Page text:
The synths skate onward, into the next track. “Sterilization” opens with like a lurching funeral dirge. Higher notes putter in, widening the track’s scope. At the halfway point, ghostly keys float even higher. Bundles of mid-range notes come in punching. Those higher notes, impossible to take down, continue to hover, continue to torment.

The orchestra returns for the closer, “Despair.” The entire record has been chilly, but here temperatures drop to absolute zero. Strings shiver. They billow from the bottom and crawl up. Wind instruments wrap alongside them with doleful moans. The sound is full and dense. As it begins to climax, a single violin is spit from the murk. It screeches and stretches and eventually takes shape as it morphs into a doleful series of anguished notes. Further orchestration joins in short bursts to further the feeling of lamentation. As it goes on, the song slowly begins to lose energy, ending the track, and the score, dispirited and defeated.

For this release, Waxworks and Sacred Bones put out a beautiful-looking product. The story of The Thing takes place in a research facility in Antarctica called U.S. Outpost #31. The album artwork reflects this and uses Antarctica's natural shape as the main focal point. The continent is depicted in glossy high contrast, with blue ice set against dark blacks. It’s a minimal color scheme that matches the music.

A graphic of electricity centers over Outpost #31 and is seen jolting across the land in all directions. Longitude and latitude are measured in blue lines, fanning out from the south pole and over the matte black oceans. The combination of straight lines and perfect circles works well against the rough, staggered edges of the land.

The gatefold is an illustration of a scene from early in the movie where three of the main characters discover something unusual in the snow. It’s a strange choice to highlight this particular scene, as it’s not one of the film’s iconic images. But even if it’s not as visually stimulating as other scenes from the movie, it’s essential from a story standpoint and works here to tie the viewer deeper into the film.

There is also a small illustrated poster included. This one depicts the film’s opening, where a dog is chased through the snow-white landscape by a helicopter. It’s a strong image and, like the gatefold, pulls the physical album closer to the film.

There are a few variants of the vinyl itself. This review is on the Sacred Bones exclusive, a 180-gram “Snowfall” vinyl. It’s a coke-bottle clear wax with a splash of white splattering out from the center. It looks great. Remastered from the original tapes, the vinyl has a polished sound with nice low frequencies. (And well-mixed bass is essential for these particular songs.)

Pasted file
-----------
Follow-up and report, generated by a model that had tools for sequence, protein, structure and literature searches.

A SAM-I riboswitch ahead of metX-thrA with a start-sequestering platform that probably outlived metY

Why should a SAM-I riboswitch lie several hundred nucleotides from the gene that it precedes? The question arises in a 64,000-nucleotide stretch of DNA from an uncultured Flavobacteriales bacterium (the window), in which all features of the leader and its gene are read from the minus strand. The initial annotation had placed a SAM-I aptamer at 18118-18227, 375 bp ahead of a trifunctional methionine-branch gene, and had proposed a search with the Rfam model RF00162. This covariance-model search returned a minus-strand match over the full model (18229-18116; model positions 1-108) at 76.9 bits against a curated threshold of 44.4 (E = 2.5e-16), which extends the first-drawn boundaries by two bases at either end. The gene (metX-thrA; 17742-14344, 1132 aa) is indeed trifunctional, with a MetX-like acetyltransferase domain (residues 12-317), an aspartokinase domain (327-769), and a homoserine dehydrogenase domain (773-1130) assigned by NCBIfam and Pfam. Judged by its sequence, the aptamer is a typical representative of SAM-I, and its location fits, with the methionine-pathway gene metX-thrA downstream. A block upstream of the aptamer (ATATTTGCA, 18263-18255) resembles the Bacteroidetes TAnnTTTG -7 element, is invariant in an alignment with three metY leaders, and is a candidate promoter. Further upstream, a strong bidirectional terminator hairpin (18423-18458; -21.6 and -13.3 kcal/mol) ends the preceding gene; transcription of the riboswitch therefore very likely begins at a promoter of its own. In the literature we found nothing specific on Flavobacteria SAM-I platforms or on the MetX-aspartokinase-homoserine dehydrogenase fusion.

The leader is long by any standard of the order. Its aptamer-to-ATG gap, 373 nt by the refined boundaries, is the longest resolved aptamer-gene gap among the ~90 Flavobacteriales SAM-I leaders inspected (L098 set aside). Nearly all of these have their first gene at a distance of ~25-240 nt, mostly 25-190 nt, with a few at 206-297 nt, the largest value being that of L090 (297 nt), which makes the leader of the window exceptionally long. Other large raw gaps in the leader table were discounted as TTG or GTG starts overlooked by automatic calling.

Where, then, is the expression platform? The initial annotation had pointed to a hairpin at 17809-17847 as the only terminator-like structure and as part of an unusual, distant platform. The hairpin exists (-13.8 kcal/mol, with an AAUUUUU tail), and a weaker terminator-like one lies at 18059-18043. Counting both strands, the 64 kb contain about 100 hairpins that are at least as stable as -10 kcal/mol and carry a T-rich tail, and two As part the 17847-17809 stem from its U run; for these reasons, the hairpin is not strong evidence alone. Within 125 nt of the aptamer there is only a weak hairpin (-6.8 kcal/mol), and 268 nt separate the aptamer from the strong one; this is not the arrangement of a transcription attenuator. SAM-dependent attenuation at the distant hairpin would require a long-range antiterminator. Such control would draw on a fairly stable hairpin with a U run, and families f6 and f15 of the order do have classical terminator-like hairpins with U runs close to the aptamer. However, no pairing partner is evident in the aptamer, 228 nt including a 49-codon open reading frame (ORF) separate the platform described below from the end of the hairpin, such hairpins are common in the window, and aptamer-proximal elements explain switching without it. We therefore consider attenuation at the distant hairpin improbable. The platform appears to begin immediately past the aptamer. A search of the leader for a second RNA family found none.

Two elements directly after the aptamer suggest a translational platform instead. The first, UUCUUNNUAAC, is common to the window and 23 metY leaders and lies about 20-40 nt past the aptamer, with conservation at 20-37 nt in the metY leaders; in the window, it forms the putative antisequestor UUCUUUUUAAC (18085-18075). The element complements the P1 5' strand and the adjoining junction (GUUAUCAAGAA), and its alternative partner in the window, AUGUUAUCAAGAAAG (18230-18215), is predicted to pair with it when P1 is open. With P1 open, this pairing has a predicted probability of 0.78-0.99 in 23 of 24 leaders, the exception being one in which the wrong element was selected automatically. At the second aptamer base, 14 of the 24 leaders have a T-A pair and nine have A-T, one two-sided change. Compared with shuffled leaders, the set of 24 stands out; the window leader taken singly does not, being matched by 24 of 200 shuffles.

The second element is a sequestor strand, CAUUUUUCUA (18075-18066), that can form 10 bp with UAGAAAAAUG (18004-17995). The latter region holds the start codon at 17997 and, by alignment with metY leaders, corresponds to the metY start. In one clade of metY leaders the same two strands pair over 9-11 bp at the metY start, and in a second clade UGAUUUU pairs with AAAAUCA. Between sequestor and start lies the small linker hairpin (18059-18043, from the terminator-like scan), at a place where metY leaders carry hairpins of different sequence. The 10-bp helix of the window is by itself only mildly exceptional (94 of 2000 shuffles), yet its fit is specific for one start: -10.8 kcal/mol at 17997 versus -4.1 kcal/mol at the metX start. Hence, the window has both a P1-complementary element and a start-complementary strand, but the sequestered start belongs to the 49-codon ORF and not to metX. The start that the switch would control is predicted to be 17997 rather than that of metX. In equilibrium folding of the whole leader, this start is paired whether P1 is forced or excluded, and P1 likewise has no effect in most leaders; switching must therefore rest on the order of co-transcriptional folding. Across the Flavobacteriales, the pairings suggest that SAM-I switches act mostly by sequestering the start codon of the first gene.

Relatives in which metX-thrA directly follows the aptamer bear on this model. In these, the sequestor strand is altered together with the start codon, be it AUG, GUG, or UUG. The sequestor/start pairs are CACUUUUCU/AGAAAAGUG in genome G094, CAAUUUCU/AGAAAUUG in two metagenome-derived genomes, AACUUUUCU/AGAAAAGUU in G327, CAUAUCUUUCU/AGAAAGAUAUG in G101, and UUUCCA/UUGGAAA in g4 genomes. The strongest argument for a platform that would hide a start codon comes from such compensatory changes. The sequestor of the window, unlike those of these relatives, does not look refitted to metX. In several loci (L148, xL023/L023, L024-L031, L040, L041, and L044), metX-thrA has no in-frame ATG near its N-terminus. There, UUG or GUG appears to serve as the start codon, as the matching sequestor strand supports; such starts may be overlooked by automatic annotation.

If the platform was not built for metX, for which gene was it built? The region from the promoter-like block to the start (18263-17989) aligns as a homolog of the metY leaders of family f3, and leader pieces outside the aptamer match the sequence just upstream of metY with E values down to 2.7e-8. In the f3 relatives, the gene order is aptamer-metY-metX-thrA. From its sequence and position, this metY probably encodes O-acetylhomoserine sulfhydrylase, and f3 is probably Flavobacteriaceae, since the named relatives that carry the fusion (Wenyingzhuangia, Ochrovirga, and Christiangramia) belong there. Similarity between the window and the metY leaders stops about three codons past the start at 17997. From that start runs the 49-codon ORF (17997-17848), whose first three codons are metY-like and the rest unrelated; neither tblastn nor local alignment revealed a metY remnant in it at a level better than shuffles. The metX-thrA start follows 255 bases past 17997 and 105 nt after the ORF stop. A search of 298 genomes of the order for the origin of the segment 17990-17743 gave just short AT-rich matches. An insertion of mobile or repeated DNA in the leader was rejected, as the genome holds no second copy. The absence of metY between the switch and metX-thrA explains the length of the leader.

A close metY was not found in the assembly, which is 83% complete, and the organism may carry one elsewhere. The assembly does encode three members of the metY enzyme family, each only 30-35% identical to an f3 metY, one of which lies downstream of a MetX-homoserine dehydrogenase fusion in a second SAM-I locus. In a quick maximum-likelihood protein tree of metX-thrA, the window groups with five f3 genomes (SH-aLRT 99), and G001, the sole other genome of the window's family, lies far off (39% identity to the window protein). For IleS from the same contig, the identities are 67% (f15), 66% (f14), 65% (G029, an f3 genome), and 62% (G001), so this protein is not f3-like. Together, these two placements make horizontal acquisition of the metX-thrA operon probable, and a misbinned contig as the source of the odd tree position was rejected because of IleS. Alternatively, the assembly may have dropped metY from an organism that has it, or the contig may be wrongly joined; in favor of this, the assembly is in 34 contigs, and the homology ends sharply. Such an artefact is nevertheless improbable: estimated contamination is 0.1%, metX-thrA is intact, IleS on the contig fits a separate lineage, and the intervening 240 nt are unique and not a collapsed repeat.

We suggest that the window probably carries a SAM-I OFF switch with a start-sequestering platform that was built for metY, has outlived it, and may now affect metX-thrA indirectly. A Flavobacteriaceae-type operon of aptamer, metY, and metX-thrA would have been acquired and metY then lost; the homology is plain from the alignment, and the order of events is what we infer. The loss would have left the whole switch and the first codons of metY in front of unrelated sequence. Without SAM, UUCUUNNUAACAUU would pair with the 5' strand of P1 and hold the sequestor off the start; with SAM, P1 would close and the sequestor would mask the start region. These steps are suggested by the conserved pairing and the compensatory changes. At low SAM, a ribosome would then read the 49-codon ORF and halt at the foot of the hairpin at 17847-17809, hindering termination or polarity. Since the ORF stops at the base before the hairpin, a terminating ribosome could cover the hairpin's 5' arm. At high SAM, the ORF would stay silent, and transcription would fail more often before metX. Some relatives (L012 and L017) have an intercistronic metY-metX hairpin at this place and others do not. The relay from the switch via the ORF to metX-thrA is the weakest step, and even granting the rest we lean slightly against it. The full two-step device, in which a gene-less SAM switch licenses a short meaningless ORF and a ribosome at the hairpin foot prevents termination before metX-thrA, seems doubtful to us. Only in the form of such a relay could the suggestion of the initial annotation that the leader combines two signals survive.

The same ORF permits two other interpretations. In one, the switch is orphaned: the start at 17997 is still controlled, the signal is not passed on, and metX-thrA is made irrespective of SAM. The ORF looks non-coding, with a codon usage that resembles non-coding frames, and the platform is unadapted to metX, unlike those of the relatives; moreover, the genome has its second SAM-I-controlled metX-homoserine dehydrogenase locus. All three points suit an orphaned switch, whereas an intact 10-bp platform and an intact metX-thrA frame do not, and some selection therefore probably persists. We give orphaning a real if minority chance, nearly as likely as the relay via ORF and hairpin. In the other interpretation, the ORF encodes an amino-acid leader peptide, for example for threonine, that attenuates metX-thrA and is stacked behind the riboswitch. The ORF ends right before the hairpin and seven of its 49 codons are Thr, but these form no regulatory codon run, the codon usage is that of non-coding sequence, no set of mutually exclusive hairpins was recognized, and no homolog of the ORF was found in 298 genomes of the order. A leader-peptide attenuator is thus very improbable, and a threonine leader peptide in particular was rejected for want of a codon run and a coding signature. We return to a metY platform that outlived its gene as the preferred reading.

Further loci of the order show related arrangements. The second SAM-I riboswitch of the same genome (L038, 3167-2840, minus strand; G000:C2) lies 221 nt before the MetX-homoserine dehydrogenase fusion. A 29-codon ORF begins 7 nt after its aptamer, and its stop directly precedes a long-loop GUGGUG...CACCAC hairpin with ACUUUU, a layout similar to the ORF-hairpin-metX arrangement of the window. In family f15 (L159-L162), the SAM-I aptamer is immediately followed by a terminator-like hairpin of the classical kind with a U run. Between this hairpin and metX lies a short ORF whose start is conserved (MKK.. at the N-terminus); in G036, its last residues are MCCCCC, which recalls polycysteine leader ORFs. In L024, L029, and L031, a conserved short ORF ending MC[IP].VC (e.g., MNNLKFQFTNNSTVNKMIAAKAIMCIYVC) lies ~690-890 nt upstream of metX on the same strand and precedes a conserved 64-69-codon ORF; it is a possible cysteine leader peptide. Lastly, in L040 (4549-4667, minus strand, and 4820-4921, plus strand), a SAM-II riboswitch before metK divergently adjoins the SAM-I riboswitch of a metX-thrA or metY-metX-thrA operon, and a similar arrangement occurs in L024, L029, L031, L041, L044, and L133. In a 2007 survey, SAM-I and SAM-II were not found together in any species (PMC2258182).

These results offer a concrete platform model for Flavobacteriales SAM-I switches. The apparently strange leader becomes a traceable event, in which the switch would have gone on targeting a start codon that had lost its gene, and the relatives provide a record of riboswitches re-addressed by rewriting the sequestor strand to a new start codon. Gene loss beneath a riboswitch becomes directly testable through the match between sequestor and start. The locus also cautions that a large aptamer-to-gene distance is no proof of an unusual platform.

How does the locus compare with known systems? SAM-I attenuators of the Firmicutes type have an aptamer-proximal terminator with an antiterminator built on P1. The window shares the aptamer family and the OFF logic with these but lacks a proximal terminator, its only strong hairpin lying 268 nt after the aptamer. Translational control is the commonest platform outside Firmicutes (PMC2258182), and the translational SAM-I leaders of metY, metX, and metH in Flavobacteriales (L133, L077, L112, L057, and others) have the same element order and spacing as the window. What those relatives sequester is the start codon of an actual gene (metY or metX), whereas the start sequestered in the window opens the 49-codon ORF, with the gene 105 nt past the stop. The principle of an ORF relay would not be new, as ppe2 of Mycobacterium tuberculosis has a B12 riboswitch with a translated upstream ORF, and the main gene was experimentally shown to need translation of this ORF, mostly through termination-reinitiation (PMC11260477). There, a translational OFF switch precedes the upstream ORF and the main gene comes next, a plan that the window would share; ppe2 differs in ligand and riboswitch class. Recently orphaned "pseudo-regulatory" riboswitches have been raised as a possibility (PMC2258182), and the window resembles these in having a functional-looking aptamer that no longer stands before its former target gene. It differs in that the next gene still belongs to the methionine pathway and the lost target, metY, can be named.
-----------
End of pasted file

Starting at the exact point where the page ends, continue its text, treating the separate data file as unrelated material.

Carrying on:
Carpenter said that before Morricone got to work on The Thing, the two listened to the soundtrack for Assault on Precinct 13, a 1976 Carpenter-composed work that was crude, cool, minimal, and effective. Morricone, with his decades of experience and his hundreds of film scores under his belt, took notice of Carpenter’s aesthetic and worked it into his own. The resulting music is what happens when one artistic genius feeds off another.

Did John Carpenter and Ennio Morricone have creative differences or was that exaggerated media hype? It doesn’t matter. Collaboration doesn’t need cooperation. What matters is this: Ennio Morricone’s music for John Carpenter’s The Thing is an icy, alluring work of art. And for horror fans, it’s an absolute classic.


Music: Cover
Physical Quality:
Overall: 5 Star Rating

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Richie Corelli
Staff Reviewer
Richie isn’t ignoring you. He just can’t hear you over the music. He’s been plugged in to his headphones for decades, diving into the zine culture of the 90s, blogging relentlessly through the 00s and beyond. He knows more about certain bands than he knows about himself. His love of music is rivaled only by his love of horror. If it’s creepy and spooky, he’s into it. Horror DNA sutures his two passions together, giving him a platform to analyze and express his feelings on horror scores, soundtracks and live performances. It’s a celebration of all that goes bump in the night.